Ryton Woods

I woke up early this morning. I’d been feverishly dreaming of video games and my slumber had consequently been spent in outer space, heavily outnumbered by hostile alien forces, cut off from reinforcements and left with nothing but my wits to survive.

Well, my wits and a mighty level 40 rocket launcher that does massive damage to a wide surrounding area with additional post explosion cluster munitions. It’s no picnic in space when you’re a video gamer.

I sat up with lurid images of Jerry Bruckheimer style explosions still in my mind. I could easily have got out of bed, had some breakfast and just switched on my XBOX.

I find that in matters like this Sunday is a crunch day for me. After Saturday weigh-ins I can either choose to relax and think ‘I’ve won! There’s no further effort required!’ or ‘Move your ass fatty!’

99% of the time my bottom experiences motion shortly after this thought process completes. Today wasn’t going to be one of the 1% where it didn’t. I’d checked my phone and the weather forecast was lovely so I decided to go somewhere new and explore.

A few people have mentioned Ryton Pools to me over the last few months and I’ve had a few (subsequently aborted) trips planned to visit there with friends. It’s about 7 miles outside Warwick and is a country park with measured walks. The ‘pools’ in question are several small lakes/ponds that are apparently home to quite a few species of birds and other wildlife. The nearby woodland and plants are managed and conserved – so it seemed like a nice place to spend the morning.

After a short drive I arrived at the already busy cafe and visitor centre and had a look at the trail map.

The yellow route around the lake was shorter than I expected, but undeterred I thought I’d walk the yellow and red routes a couple of times to get some proper exercise.

The paths around the pools were excellently looked after and really good for people with mobility issues or wheelchairs. There were plenty of benches and quite a few decked viewing points by the lake where you could park up pushchairs or scooters and watch the birds, who were busy swarming around anyone that looked like they had bread – even though the signage expressly forbade feeding them.

The seagulls and ducks were flanked on either side by rather bored looking anglers that didn’t appear to be having much luck or fun. Their perches didn’t seem to be in particularly relaxing spots either as the busy nearby road did a great job of drowning out the sounds of nature that I was hoping to hear.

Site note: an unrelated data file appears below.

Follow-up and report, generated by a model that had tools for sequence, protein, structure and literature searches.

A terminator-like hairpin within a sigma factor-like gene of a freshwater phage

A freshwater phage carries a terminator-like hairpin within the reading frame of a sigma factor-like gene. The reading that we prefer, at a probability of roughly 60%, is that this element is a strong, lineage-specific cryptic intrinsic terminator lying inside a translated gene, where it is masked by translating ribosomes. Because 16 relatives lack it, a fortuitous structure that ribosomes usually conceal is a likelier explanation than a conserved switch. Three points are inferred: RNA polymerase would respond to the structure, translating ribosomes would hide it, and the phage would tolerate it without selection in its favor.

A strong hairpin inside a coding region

Instead of birds and trees all I could pick up was the continual noise of traffic.

Nevertheless I carried on around the lake – past legions of dog walkers and adventure playgrounds full of intrepid and spirited children on climbing frames.

Everywhere I went there seemed to be an abundance of civilisation, and even when people weren’t present the sound of the outside world still was. Furthermore (although this I don’t really mind because it makes me smile) each puddle and tranquil pool had a Labrador enthusiastically jumping into it chasing sticks.

So – when I came across a fork in the path that said it led to Ryton Woods I decided to investigate. No-one appeared to be heading in this direction so it became instantly appealing.

It became even MORE alluring when I arrived at the gated entrance, which proclaimed that I could get lost and that I was heading into unknown territory.



However – I was armed with technology.

I knew precisely where I was.


As I moved further into the woods the trees closed in. This was indeed PROPER woodland.

The little yellow posts that the sign warned about appeared to follow no logic whatsoever and although I didn’t consciously follow them they seemed to lead to odd places with dead ends. The ‘paths’ were at times extremely wide and solid underfoot, and then suddenly overgrown with brambles or required big detours due to muddy bogs and swampy reeds.


The dew covered grass and bushes either side of the path were filled with intricate silky spider webs that suspended any droplets of moisture on their impossibly thin strands.

It must have taken the spiders forever to construct these elaborate and deadly traps.


But this woodland wasn’t just beautiful. It was blissfully quiet.

There was no-one here but me.


In places it seemed that people had rarely or maybe never trodden on the same ground as me – and in others there were reminders all around me (such as decomposing wooden and metal carts) that people had been moving through there for much much longer than I had.

Randomly every so often I also found little carved ‘stump seats’ which looked like they were missing their resident hobbits. These were too cute for words and were absolutely crying out for some little fluffy woodland creature to pose on them. Sadly none stepped forward.

Thanks (I think) to the boggy, uneven and rough terrain my shin splints had begun to hurt after a while and I was irritatingly reminded once again that I’m not invulnerable.

As there really are NO managed paths in Ryton Woods, after about 45 minutes to an hour of exploring I decided that (as lovely as it all was) there was only so much that I could do off the beaten track.

I decided it was sensible (instead of pressing on and injuring myself again) to make my way back to the lakeside walk – although I’d try and go a different way and see if there was anything more to look at. I checked my phone. I was pretty much in the middle of the wood now. The map looks like there are definite trails – although in reality these aren’t obvious or are now overgrown, so there wasn’t an obvious route to take.